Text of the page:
By Samuetta Hill Drew
February 3rd through the 9th is National Burn Safety Week. It’s a week many fire related organizations will offer various seminars, workshops and/or distribute pamphlets on fire prevention for the average person.
The National Burn Association states that cooking is the number one cause for most of home fires. They report that 47 percent of all home fires are caused by cooking. Their report continues to state that adults 65 years and older are at a much higher risk for injury or death from a kitchen fire due to physical, visual, hearing and mental impairments that may slow the quick action necessary in a fire emergency. In addition, older adults’ skin is far easier to burn faster and deeper because it is thinner. This article will review some fire prevention tips for everyone to use while cooking, but especially older adults.
It is recommended you use your back burners first when cooking. It is further suggested that the best time to cook is when you’re wide awake, not drowsy from medications or alcohol. For those persons still working, it is best to cook when fully alert, not tired from drive home traffic. So, stop, exhale and compose yourself before cooking your dinner meal. This may be a great time to change clothes to make sure you’re wearing a short sleeve top or a fitted long sleeve top. Never cook in loose fitting clothes which could potentially catch fire quickly.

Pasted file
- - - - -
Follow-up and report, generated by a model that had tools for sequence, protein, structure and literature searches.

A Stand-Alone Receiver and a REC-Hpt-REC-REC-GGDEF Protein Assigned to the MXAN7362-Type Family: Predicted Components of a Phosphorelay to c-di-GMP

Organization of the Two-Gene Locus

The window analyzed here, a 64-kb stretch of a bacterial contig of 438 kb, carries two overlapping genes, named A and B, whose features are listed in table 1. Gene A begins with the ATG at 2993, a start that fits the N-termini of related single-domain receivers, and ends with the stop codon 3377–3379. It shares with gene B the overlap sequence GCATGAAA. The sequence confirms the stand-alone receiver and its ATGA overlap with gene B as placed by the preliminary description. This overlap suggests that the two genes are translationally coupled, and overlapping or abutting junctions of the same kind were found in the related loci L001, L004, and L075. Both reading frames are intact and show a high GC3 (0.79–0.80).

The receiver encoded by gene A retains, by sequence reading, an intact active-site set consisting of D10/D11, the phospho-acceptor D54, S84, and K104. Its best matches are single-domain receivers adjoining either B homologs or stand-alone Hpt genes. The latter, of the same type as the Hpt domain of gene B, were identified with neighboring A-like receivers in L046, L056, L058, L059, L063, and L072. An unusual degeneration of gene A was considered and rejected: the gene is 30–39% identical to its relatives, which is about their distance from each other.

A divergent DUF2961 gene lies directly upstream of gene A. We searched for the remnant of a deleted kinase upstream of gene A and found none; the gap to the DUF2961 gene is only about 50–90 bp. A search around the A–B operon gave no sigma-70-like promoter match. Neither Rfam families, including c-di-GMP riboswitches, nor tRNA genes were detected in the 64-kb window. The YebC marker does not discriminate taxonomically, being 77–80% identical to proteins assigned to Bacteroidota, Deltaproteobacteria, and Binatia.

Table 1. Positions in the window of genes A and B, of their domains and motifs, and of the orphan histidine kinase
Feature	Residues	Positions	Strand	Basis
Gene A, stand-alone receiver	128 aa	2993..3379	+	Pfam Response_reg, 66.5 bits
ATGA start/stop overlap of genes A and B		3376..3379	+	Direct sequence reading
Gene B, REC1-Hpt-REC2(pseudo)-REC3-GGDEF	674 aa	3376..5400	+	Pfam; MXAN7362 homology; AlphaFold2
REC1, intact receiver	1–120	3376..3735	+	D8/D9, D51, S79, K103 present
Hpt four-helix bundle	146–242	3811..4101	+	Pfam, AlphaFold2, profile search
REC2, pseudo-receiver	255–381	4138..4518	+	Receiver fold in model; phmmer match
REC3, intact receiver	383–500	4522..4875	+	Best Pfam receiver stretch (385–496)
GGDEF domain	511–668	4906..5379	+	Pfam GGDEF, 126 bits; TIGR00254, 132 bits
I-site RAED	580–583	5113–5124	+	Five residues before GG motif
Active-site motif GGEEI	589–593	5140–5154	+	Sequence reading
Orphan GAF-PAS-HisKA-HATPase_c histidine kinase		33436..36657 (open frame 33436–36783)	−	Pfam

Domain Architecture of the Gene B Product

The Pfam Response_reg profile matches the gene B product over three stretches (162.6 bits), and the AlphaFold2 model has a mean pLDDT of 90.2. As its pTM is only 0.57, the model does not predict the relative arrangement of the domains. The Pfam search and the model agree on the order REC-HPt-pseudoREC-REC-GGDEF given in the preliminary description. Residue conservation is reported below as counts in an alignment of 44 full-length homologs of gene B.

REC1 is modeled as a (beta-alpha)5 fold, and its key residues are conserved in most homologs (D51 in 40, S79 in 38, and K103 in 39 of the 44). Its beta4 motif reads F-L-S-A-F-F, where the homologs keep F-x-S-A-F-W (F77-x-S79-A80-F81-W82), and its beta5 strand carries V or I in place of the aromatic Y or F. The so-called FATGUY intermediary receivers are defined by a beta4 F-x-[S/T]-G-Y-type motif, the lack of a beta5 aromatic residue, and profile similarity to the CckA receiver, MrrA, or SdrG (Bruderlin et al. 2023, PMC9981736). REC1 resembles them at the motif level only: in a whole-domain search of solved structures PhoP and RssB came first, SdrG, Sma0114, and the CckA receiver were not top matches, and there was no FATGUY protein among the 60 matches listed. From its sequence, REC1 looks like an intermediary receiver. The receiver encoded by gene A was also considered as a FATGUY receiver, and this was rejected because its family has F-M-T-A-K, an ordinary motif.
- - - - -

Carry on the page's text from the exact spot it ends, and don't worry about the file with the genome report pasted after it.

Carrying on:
Before cooking always make sure your stove, oven and exhaust fan is wiped clean to prevent any grease buildup. Keep a pot lid and dry potholders or oven mitts close by EVERY time you cook. Always have your pot handles turned inward toward the back of the stove. Use a splash guard or lid when frying foods to prevent grease splatter. If some grease does splatter on the floor be sure to wipe it up immediately to prevent a slip and fall injury.
When frying, grilling or broiling food, it is best to stay in the kitchen. If you must leave, turn the burners off. If you’re simmering, baking, roasting or boiling food, you may leave the kitchen momentarily, but you should return frequently to check your food. Never leave your home while food is cooking in the oven or on the stove. A good cooking gadget to use is a timer. It will help remind you to check your cooking.
It is best to use microwave safe cookware when using the microwave. It allows the steam to escape.
To Keep an Eye on Safety after you’ve completed cooking your food item(s), check your kitchen to make sure all burners and other appliances are turned off. This provides you an excellent opportunity to wipe clean those items you used for cooking.
Next week we will continue this discussion by reviewing some fire safety tips if your food does catch fire.